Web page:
I’ve never seen my parents' home. There aren’t vintage photos or shaky handheld videos to watch together in the living room as a family. What I have are stories. Memories of the events that shaped my parents into the people I love have been passed down orally, rather than recorded. Listening is how I know the truth about the place they lived until they were adults. The place that shaped who they are today. And I'm homesick for it, especially these days. Homesickness can travel with you, even when you're standing still.
My childhood was shaped by my parents' stories of home. From them, I learned what it means to be a neighbor: When you walk to your neighbor's home in need of milk or sugar, they will open their doors. A Good Samaritan doesn’t turn their head away—they set their eyes on yours and act. I’ve seen proof in my own life, from carpooling with the neighborhood kids to school or receiving a steaming casserole in moments of loss, that neighbors like this exist. That we can trust the doorbell will ring. My parents taught me this through stories of their upbringing in Haiti.
It’s been over a month since a 7.2-magnitude earthquake hit Haiti, killing over 2,000 people. Then, the nation wasn’t fully recovered from the devastation of the earthquake that hit in 2010, so this intensified an existing crisis—and now Haiti is reeling from a presidential assassination and the impacts of COVID-19, too. All this is heaped on top of centuries of reaping for a freedom that Haitians rightfully earned. (In 1802, Haiti won independence from France, but as a nation of freed Black slaves they were subsequently oppressed and driven into debt by wealthy nations.) The home my parents have so often described to me threatens to crumble: structures torn to the ground, hunger, economic strife, political unrest, and roads literally split open by the earth beneath them.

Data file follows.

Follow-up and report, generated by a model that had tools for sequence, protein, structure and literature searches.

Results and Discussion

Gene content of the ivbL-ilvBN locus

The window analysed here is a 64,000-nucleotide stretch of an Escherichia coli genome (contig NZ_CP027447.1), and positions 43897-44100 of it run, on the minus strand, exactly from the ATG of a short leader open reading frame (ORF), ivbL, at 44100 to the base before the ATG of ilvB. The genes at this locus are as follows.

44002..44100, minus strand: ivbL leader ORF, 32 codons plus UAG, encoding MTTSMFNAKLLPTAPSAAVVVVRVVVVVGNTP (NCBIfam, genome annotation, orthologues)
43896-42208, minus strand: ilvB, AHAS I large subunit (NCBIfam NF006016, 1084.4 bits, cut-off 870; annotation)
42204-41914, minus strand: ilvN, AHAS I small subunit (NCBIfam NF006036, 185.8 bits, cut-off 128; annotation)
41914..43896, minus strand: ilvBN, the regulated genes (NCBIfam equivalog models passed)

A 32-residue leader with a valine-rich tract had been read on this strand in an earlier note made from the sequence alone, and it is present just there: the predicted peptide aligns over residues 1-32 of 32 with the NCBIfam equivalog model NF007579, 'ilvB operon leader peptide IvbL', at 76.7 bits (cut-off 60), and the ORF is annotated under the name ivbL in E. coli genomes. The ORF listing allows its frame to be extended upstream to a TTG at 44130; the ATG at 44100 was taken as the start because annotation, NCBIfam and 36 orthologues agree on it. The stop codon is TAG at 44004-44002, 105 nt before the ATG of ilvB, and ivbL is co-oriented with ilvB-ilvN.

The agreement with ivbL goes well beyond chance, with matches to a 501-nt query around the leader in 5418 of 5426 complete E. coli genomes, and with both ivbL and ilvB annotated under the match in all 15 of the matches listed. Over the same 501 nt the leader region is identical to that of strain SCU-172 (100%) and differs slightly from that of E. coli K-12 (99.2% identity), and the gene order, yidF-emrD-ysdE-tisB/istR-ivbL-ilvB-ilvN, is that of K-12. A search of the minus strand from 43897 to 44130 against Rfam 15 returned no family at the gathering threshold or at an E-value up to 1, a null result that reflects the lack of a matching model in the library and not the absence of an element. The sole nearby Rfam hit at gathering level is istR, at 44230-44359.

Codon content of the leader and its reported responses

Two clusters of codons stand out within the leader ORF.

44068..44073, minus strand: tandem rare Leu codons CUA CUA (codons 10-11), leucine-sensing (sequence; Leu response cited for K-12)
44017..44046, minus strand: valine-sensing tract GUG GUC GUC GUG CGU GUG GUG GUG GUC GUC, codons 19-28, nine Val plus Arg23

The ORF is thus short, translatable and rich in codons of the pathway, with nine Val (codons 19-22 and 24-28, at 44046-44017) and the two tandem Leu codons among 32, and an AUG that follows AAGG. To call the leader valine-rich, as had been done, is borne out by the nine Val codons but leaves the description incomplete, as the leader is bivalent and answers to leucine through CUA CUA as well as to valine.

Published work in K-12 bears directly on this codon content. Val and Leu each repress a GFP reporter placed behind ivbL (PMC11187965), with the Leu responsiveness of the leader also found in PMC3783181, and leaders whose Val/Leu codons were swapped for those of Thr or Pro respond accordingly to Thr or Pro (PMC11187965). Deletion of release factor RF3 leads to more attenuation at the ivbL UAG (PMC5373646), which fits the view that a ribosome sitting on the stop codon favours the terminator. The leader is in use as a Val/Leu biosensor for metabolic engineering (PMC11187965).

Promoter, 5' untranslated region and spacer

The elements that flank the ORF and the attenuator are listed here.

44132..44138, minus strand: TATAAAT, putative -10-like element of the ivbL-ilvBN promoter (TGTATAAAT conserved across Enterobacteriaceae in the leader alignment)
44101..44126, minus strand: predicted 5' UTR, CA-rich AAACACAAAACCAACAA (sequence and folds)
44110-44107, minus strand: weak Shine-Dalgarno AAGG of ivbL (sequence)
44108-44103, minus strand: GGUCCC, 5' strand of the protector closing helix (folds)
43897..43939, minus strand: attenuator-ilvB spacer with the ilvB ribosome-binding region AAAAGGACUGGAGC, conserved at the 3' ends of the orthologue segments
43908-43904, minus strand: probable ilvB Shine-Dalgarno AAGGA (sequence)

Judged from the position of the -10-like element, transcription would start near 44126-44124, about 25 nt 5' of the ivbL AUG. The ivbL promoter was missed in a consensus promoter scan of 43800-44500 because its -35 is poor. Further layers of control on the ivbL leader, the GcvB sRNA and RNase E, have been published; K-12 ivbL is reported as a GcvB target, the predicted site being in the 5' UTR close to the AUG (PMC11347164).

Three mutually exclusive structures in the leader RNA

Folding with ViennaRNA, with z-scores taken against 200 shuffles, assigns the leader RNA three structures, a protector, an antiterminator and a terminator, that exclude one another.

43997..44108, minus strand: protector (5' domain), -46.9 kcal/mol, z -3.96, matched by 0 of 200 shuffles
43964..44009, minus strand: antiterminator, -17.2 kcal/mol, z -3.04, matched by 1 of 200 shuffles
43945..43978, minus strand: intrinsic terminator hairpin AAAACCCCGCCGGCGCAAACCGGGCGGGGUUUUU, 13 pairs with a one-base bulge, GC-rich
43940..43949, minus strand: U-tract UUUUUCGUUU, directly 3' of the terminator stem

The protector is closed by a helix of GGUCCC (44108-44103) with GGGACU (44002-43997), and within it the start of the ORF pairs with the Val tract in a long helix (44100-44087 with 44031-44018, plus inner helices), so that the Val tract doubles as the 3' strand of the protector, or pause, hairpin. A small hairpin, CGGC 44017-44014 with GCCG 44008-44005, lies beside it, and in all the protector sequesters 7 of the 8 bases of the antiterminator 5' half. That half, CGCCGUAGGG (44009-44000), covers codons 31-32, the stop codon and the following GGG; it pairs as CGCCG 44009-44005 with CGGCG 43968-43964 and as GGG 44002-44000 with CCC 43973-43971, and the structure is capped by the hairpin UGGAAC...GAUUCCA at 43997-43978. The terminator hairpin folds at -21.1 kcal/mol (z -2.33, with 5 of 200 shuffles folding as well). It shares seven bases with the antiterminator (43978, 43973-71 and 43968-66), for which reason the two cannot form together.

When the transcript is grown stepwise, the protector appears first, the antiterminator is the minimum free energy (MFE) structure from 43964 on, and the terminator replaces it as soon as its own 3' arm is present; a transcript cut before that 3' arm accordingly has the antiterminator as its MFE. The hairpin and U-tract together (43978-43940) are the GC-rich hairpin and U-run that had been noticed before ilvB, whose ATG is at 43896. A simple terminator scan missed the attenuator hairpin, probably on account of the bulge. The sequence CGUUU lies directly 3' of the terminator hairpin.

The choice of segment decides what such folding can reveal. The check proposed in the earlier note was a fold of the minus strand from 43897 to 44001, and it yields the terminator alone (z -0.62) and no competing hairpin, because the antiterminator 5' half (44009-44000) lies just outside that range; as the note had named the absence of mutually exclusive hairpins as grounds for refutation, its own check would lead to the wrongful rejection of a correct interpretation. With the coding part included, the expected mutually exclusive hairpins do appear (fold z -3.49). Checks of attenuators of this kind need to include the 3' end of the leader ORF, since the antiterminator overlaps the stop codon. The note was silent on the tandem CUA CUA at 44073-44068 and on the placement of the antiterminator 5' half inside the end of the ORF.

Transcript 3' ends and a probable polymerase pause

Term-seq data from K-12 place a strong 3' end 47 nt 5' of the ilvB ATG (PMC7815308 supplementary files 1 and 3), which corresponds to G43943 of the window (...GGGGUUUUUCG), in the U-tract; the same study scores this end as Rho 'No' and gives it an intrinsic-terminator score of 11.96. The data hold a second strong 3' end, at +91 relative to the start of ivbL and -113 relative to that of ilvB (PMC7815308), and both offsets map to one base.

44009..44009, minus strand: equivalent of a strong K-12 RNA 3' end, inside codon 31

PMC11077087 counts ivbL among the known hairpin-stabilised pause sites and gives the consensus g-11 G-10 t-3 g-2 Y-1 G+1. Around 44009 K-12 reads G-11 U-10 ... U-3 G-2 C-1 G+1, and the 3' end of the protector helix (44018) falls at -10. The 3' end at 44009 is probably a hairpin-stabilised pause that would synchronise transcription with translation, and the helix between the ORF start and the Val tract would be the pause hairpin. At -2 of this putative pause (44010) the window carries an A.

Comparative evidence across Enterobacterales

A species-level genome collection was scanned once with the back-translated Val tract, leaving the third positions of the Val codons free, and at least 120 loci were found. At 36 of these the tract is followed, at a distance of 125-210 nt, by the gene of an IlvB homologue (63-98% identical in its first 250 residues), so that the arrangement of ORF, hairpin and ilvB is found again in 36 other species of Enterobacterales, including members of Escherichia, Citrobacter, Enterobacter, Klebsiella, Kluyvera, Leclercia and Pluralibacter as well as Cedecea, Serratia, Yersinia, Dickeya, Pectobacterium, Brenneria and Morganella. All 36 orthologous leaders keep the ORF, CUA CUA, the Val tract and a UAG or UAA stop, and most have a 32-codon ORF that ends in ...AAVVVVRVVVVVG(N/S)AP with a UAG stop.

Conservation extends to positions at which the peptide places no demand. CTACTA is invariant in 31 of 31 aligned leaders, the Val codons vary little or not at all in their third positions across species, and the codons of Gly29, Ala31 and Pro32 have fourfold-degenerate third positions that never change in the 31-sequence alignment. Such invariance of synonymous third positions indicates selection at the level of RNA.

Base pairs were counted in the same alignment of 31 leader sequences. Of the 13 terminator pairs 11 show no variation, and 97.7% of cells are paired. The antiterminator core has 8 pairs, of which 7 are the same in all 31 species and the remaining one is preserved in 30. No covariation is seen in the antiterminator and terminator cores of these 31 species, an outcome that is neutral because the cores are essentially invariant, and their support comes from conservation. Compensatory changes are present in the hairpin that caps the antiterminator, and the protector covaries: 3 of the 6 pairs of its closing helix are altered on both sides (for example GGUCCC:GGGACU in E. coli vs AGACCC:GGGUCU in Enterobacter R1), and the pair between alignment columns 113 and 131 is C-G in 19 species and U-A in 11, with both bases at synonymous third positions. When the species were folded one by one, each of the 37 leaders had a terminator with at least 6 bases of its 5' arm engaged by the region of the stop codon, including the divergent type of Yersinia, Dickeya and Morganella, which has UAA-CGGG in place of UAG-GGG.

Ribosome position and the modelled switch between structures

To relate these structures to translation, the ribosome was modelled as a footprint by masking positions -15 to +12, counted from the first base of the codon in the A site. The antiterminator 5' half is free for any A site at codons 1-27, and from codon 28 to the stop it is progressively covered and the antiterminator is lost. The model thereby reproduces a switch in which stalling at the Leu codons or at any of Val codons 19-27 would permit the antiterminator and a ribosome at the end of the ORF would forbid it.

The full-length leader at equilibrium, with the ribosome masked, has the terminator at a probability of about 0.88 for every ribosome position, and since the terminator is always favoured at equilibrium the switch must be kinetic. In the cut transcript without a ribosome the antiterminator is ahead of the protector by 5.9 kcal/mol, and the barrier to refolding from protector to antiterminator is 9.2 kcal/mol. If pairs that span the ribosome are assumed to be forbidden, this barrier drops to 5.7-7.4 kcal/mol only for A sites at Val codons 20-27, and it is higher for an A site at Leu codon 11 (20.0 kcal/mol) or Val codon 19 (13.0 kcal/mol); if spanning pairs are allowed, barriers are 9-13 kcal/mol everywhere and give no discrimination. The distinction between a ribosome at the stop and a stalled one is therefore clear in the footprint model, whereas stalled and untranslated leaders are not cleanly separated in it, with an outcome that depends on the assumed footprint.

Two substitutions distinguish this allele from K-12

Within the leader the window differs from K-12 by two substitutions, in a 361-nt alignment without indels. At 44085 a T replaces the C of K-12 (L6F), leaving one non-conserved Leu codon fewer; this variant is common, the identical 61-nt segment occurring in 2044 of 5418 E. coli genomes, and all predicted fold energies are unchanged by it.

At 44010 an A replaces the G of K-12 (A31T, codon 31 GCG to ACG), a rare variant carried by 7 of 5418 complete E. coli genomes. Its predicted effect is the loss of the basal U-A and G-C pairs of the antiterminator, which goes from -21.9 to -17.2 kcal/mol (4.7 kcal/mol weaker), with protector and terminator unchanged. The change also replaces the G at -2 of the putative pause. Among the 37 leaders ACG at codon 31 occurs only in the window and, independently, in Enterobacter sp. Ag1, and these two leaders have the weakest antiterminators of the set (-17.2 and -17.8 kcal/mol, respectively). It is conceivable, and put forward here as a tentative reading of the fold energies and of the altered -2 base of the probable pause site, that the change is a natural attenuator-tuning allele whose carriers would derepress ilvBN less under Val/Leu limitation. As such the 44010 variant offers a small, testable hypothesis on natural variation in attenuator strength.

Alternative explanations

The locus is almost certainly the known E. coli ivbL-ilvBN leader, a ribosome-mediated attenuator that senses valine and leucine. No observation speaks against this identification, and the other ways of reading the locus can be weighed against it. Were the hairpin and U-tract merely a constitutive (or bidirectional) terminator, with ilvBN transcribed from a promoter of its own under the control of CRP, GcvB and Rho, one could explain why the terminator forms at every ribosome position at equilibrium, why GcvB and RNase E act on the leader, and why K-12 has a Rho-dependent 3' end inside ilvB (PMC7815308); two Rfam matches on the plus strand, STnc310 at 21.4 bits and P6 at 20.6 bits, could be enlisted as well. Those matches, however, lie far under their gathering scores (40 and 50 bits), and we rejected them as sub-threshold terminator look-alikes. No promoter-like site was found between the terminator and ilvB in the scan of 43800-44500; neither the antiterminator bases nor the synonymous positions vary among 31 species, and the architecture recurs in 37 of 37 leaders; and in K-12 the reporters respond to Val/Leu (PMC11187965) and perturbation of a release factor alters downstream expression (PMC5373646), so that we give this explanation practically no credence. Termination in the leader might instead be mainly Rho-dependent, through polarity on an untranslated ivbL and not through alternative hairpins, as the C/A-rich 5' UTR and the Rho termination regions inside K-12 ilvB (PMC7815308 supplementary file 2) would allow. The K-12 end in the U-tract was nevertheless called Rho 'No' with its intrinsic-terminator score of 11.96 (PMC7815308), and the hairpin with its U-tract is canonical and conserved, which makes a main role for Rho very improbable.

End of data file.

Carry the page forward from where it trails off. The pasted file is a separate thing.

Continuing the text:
For years, the humanitarian crisis has caused over 50,000 Haitian migrants to make the dangerous journey through South America and Mexico in search of asylum and refuge. And now more than ever are fleeing their fractured home. Some Haitian refugees even reach the United States, where the welcome has not been warm. I felt a familiar grief and anger a few weeks back as I watched the videos of U.S. Border Patrol Agents on horseback, abusing Haitian migrants in Del Rio, Texas. The moment went viral and all eyes were on Haiti— until the next news cycle bumped the video out of rotation.
Haiti waits for her neighbor. To come forward, to open their arms with empathy, to open doors with dignity. Instead, she has seen only brutal attacks, racism, and xenophobia.
There are children missing and families being torn apart as flights are expelled and detention centers are hidden away out of sight (and out of mind). There are tired and bruised knuckles knocking on doors because they know how America has treated asylum seekers; these rallies cries are for justice that is heard and seen, for an answer to the neighbor knocking at the door.
As a Haitian-American, homesickness has a way of reminding me that nowhere quite feels like home. When someone scoffs when I share my ethnicity, or responds with bigotry, I am reminded with each vicious “Go back to where you came from!” that there is nowhere to go. I can’t remember what my father’s home looks like. I can’t remember the luscious garden my mother described. But I do remember the sense of community, strength, creativity, and hospitality of the Haitian neighbors my parents grew up with.
Some of us don’t have photo albums and traces to our great great great grandparents—we have stories. And that is more than enough because there is power in the spoken word. It travels with us.
News headlines fade, but the memories remain. These are passed down to our children. As I watch hearts harden and doors lock, the picture of what I thought a neighbor was shatters. If your neighbor's home was on fire, would you look away? My hope is that the mats we lay at our doorsteps beckoning people in truly reflect our mindsets: Welcome. You are welcomed with dignity.
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